deHaan, J., Kuwada, K., & Ree, W. M. (2010). The effect of interactivity with a music video game on second language vocabulary recall. Language, Learning & Technology, 14(2), 74+. Retrieved from http://www.lltjournal.org/item/2689

Mifsud, C. L., Vella, R., & Camilleri, L. (2013). Attitudes towards and effects of the use of video games in classroom learning with specific reference to literacy attainment. Research In Education, 90(90), 32+.

Reinders, H. & Wattana, S. (2014).  Can I say something? The effects of digital game play on willingness to communicate.  Language Learning and Technology, 18(2). Retrieved from http://www.lltjournal.org/item/2858

Additional Resources

This part of the list contains the additional resources that the students and I collaboratively added throughout the course:

Alharbi, H., & Jacobsen, M. (2017). Tracking the Design and Development of a Six Module miniMOOC for Quality Graduate Supervision Paper presented at the AECT Annual Conference. Retrieved from https://members.aect.org/pdf/Proceedings/proceedings17/2017/17_04.pdf

Akyol, Z., & Garrison, D. R. (2011). Understanding cognitive presence in an online and blended community of inquiry: Assessing outcomes and processes for deep approaches to learning. British Journal of Educational Technology, 42(2), 233-250.

Anderson, T., Rourke, L., Garrison, D. R., & Archer, W. (2001). Assessing teacher presence in a computer conferencing context. Journal of Asynchronous Learning Networks, 5(2), 1-17.

Barber, M., Donnelly K., & Rizvi S. (2013). An avalanche is coming. Higher education and the revolution ahead. Retrieved from Institute for Public Policy website: http://www.ippr.org/publications/an-avalanche-is-coming-higher-education-andthe-revolution-ahead

Bralić, A., & Divjak, B. (2018). Integrating MOOCs in traditionally taught courses: Achieving learning outcomes with blended learning. International Journal of Educational Technology in Higher Education, 15(1), 1-16.

Cagiltay, N. E., Ozcelik, E., & Ozcelik, N. S. (2015). The effect of competition on learning in games. Computers & Education, 87(1), 35-41.

Dörnyei, Z. (2001). Motivational Strategies in the Language Classroom. Cambridge: Cambridge University Press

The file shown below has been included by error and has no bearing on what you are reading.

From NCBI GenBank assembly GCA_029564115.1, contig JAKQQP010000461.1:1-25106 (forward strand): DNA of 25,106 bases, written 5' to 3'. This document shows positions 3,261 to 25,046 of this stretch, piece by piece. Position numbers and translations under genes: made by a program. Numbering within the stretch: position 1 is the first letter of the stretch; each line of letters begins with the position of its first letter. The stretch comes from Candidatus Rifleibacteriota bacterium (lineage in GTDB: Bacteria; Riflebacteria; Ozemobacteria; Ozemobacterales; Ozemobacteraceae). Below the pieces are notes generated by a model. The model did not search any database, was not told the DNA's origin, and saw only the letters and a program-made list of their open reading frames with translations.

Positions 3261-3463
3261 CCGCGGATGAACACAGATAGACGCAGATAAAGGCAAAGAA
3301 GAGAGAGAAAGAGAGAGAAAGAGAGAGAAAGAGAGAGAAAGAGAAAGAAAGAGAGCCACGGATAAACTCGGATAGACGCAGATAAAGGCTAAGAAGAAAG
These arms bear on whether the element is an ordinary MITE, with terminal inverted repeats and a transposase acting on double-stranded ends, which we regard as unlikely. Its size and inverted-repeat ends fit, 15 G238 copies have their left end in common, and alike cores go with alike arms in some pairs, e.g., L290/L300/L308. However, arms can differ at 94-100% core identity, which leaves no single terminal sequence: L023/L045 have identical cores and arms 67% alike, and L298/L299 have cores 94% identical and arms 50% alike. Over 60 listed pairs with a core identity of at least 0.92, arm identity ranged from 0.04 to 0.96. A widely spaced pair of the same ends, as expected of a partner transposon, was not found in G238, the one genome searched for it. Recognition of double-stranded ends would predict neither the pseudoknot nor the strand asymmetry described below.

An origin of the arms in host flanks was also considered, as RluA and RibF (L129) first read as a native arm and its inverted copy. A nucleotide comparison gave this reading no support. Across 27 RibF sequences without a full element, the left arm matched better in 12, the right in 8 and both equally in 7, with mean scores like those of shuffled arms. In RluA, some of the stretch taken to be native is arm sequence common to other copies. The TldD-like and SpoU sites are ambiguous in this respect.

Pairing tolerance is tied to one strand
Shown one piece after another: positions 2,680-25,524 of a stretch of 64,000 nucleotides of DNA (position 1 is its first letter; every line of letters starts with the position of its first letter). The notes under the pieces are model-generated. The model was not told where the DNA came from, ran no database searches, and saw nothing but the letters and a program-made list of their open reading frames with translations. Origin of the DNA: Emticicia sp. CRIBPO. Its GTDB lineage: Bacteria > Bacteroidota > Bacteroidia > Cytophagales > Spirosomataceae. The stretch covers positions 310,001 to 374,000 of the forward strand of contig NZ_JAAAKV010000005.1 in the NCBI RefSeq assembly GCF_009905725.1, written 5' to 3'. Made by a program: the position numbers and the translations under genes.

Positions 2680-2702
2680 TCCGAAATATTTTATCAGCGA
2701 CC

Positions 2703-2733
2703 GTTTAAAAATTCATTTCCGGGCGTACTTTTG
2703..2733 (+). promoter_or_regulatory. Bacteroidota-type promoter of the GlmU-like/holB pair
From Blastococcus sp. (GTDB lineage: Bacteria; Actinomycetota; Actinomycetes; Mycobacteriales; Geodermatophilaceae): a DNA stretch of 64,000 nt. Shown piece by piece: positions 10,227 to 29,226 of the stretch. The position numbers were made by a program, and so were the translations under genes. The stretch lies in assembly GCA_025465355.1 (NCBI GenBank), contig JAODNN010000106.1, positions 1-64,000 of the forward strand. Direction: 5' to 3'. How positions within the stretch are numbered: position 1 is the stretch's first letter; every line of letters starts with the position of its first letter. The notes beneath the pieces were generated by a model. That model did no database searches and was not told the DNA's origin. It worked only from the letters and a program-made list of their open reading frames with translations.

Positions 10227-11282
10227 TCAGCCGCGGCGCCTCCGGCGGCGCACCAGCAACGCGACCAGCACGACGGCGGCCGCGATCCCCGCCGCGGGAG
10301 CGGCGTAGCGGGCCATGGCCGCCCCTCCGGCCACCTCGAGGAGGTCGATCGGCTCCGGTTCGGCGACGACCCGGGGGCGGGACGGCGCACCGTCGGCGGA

Common Sense Education. (2016, July, 12). How to apply the SAMR model with Ruben Puentedura. .  Retrieved from https://www.youtube.com/watch?v=ZQTx2UQQvbU

Common Sense Media. (2018). Digital Citizenship. Retrieved July 18, 2018, from https://www.commonsense.org/education/digital-citizenship

Duenas, M. (2004). The whats, whys, hows and whos of content-based instruction in second/foreign language education. International Journal of English Studies, 4(1), 73-96.

Eaton, S. E. (2011). The Need For Increased Integration of Technology and Digital Skills in the Literacy Field in Canada  Retrieved from https://files.eric.ed.gov/fulltext/ED526087.pdf

Eaton, S. E. (2012). Why some teachers will never love technology (and that’s O.K.).  Retrieved from https://drsaraheaton.wordpress.com/2012/04/24/why-some-teachers-will-never-love-technology-and-thats-o-k/

Gaebel, M. (2013). MOOCs: Massive open online courses. European University Association Occasional Papers, 2-17. Retrieved from http://www.eua.be/news/13-02-25/Massive_Open_Online_Courses_MOOCs_EUA_to_look_at_development_of_MOOCs_and_trends_in_innovative_learning.aspx

Garrison, D. R., Anderson, T., & Archer, W. (2000). Critical inquiry in a text-based environment: Computer conferencing in higher education. The Internet and Higher Education, 2(2-3), 87-105.

Garrison, D. R., Anderson, T., & Archer, W. (2001). Critical thinking, cognitive presence, and computer conferencing in distance education. American Journal of Distance Education, 15(1). doi:10.1080/08923640109527071